Hitler-Stalin-Pact






The Winter War, the Baltic Republics and Bessarabia



A.) The Winter War

On Nov. 30th 1939, Soviet Forces invaded Finland (the WINTER WAR). Against expectations, the Finns stopped the invading troops and inflicted heavy losses. As the war dragged on, the world media reported, and sympathy for the Finns grew. International volunteers signed up, Britain and France contemplated to come to Finland's assistance. In March 1940, Stalin, fearing that Russia, like Germany, might face a war against the democratic nations of Europe, offered the Finns to negotiate. The PEACE OF MOSCOW was signed on March 12th 1940; the Finns had to cede EASTERN KARELIA.


B.) The Baltic Republics

Germany signed a border and friensship treaty with the USSR (Sept. 28th 1939), waiving it's claim on Lithuania for Central Poland. In June 1940, Marechal H.P. Petain had just signed France's surrender to Germany, Stalin demanded the governments of the 3 Baltic republics to permit the stationing of Soviet troops on their soil. He then demanded that the respective countries' communist parties would be given participation in government. The coomunists soon took over government entirely, transformed the Republics into Socialist Soviet Republics and applied to be admitted into the USSR. Estonia's and Latvia's German minority, in accordance to the Russo-German treaty, was repatriated to Germany.


C.) Bessarabia and the Northern Bukovina

Diplomatic pressure was put on Rumania by Germany and Russia to cede BESSARABIA and the NORTHERN BUKOVINA to the USSR, Northern Transylvania to Hungary and the Southern Dobruja to Bulgaria. Rumania complied, aware that it's traditional ally, France, had collapsed and resistance was meaningless.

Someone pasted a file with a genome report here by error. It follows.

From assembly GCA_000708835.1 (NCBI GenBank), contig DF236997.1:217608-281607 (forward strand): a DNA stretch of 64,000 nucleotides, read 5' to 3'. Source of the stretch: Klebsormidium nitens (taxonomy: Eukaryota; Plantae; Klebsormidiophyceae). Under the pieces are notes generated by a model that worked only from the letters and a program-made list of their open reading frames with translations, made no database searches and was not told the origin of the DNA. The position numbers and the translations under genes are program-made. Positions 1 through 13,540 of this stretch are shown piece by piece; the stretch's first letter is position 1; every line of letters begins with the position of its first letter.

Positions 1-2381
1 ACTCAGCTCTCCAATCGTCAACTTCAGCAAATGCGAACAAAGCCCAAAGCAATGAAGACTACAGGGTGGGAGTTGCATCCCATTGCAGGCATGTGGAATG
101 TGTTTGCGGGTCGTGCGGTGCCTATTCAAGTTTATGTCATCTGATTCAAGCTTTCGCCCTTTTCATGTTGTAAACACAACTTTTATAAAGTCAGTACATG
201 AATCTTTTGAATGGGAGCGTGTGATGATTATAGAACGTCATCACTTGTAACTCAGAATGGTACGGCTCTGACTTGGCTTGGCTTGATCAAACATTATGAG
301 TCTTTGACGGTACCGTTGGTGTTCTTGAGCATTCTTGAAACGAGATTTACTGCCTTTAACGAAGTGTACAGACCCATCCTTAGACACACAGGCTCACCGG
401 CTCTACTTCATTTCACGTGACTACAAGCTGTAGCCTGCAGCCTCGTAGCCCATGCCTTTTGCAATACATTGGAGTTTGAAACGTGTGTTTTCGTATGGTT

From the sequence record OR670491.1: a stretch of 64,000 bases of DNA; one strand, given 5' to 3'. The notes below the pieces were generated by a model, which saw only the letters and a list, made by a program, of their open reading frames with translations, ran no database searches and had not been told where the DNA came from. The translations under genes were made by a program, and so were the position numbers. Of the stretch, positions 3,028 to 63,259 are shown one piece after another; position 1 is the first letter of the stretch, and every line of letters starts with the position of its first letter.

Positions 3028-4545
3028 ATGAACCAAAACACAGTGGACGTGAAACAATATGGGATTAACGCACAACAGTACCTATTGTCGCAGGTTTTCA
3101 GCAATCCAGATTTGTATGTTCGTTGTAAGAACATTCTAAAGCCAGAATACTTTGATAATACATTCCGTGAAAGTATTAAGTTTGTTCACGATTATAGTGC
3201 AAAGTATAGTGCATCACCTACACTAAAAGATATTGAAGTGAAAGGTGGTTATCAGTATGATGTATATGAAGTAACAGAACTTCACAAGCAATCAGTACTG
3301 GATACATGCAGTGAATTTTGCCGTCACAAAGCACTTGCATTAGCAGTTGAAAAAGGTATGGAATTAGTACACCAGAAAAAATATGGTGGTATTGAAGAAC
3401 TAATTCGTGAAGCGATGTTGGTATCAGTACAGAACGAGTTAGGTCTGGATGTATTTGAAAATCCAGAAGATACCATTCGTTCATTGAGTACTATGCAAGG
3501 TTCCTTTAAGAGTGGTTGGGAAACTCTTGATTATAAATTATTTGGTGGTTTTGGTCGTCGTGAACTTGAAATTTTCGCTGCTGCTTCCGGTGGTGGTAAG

Between September 1939 and June 1940, Stalin had regained much of the territory for the USSR the Russian Empire had lost at the end of World War I - everything in Europe except Finland and Central Poland. Stalin even had gone for more, had demanded that Sweden cede the island of Gotland for the reason that it was located too close to Leningrad, a demand the Swedes adamantly refused.
He had achieved this expansion in the shadow of German expansion; because of Germany's invasion of Poland, Britain and France had declared war on Germany. Nobody had declared war on Russia when it invaded Poland 3 weeks later.



EXTERNAL
FILES
Lessons of the Winter War, by Thomas Ries, from Virtual Finland
The Finnish-Russian Winter War, by Neil Mattson
An Introduction to the Winter War and Kollaa will hold, from the Kollaa Campaign Page
The Russian Invasion of Finland, from Delius
Those Burly Finns, from History House
Encyclopedic description from infoplease
History of Fighter Squadron 21 : the Winter War, by J. Lindberg
DOCUMENTS Address by Finnish Prime Minister A.J. Cajander held on Nov. 23rd 1939, from clinet
Pravda, 26. 11. 39 : A Buffoon holding the Post of Prime Minister, from clinet
Russian Prppaganda Leaflet, from clinet
President Roosevelt's Press Statement, Dec. 1st 1939, from clinet
Telegram by K.A. Umanskij, Soviet Plenipotentiary to the USA, to the People's Commissariat for Foreign Affairs, Dec. 2nd 1939, from clinet
President Roosevelt's Press Statement, March 13th 1940, from clinet
VIDEOS Sisu. A Spirit Rebellious. The Finnish-Russian Winter War, 1939-40.
Talvisota, 1989, (link to IMDb)


This page is part of World History at KMLA
First posted in 2000, last revised on November 8th 2004

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